Using capos to change keys is an amazing way to open your world of music. Playing the same songs in different keys can give an entirely different feel to any old tune. If you have ever picked up and played the same song on different guitars you know what I mean. Just as the same song will sound different on different guitars, the same song will often feel and sound different when you change keys using a capo.
If you are a vocalist using a capo is especially helpful. It will allow you to not have to learn a new way of playing. Moving the capo up and down the neck allows you to play at a higher or lower pitch. Songs that were written and performed outside of your range can easily be dropped or raised to a range that you can sing comfortably. I use to thing I didn’t need a capo and could always learn to play in open tuning what I didn’t realize is that I was making things much harder than they needed to be.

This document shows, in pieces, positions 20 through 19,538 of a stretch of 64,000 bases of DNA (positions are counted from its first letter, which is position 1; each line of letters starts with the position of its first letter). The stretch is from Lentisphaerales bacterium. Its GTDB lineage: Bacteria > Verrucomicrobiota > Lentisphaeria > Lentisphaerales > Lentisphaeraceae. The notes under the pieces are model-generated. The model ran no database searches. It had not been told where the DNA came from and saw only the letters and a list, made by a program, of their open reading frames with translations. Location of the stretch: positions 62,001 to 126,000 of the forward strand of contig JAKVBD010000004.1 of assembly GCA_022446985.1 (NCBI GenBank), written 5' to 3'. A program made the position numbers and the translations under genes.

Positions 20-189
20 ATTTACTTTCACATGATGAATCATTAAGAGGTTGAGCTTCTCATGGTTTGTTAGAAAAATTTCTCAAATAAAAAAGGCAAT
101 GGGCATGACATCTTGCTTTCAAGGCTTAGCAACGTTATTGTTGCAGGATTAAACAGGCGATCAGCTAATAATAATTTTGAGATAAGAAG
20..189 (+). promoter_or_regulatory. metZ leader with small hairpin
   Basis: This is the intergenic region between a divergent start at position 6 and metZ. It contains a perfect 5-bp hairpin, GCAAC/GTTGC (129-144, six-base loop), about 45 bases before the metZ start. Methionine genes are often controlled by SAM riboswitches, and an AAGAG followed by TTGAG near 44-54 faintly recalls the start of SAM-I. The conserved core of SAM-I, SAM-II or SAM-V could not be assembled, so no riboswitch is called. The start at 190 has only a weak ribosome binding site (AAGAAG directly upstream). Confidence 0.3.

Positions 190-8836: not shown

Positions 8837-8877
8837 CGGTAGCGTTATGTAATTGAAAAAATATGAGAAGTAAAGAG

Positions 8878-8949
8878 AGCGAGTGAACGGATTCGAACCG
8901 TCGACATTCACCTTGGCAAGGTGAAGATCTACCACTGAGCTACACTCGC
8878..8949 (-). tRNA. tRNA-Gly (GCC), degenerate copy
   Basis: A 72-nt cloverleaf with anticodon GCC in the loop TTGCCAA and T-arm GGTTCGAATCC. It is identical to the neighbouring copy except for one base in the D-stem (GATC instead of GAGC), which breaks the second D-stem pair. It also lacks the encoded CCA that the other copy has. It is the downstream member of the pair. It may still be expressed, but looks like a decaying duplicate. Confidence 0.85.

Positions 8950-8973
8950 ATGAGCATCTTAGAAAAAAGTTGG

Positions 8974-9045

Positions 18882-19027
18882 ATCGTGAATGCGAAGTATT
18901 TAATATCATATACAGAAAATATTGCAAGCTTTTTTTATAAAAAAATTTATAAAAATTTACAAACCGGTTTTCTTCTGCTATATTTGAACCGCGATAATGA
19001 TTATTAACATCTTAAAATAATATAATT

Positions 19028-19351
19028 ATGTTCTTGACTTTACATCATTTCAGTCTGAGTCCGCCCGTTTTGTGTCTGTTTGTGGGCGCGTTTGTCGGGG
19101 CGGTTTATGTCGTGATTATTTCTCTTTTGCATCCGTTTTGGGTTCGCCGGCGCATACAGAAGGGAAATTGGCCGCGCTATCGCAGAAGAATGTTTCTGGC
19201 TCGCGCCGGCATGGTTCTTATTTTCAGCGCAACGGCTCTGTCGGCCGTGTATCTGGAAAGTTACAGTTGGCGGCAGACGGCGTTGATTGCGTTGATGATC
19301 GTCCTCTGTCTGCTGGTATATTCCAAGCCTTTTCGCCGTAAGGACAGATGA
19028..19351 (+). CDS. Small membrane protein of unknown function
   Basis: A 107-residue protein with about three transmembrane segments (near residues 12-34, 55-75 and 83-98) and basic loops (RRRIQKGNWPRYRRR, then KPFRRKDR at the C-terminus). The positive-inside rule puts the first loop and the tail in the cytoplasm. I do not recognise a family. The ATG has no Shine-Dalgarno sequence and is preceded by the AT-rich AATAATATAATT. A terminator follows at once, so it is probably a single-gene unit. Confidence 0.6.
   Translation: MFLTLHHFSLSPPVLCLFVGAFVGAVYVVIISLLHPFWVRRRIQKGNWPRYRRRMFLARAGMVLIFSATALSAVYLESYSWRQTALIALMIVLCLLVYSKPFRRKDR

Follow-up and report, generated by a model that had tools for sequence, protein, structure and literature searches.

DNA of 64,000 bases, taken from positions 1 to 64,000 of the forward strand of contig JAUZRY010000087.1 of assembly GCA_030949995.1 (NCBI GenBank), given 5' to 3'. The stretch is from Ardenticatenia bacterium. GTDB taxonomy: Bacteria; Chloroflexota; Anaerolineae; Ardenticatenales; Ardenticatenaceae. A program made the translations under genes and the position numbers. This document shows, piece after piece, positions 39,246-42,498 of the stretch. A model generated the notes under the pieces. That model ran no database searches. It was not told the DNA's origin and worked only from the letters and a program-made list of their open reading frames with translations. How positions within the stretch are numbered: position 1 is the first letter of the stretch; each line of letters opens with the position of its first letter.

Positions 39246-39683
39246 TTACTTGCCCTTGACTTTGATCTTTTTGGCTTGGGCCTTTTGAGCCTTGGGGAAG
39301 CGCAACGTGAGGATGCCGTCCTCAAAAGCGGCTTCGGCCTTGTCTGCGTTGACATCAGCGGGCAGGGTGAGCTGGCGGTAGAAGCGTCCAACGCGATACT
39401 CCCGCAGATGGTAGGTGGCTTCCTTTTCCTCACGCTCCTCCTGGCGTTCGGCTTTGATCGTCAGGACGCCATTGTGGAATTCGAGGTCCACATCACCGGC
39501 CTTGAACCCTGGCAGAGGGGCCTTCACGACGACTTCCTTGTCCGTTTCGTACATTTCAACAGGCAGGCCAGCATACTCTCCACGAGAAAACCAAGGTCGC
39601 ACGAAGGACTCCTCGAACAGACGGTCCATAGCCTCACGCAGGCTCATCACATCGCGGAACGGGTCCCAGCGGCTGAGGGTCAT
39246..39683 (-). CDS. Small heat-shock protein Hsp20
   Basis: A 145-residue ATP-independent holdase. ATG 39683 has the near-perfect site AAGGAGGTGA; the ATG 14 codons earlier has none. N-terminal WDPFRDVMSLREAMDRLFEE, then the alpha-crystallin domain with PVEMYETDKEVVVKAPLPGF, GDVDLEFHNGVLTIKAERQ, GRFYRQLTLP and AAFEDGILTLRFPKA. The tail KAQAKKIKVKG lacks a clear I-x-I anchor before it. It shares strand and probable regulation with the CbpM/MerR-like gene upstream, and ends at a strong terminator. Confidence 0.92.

Playing in the open position without the capo you are usually playing in the key of E. The base note and the high note are both E. If a capo is used and placed on the third fret you have just moved up to the key of G. The more you play the more you will begin to know where you are comfortable. For some reason I naturally try singing the higher end of my range so whenever I can key down it seems to help my performance.
Capos come in all sorts of different colors and styles. Some of them operate on came locks while others use a spring mechanism. Personally I prefer the Kyser quick change. They are easy to put on and will stay in place as you play. The quick change is nice as well, especially if you are playing live. When you need to drop back down to open tuning you simply clamp the capo to your headstock and you are good to go.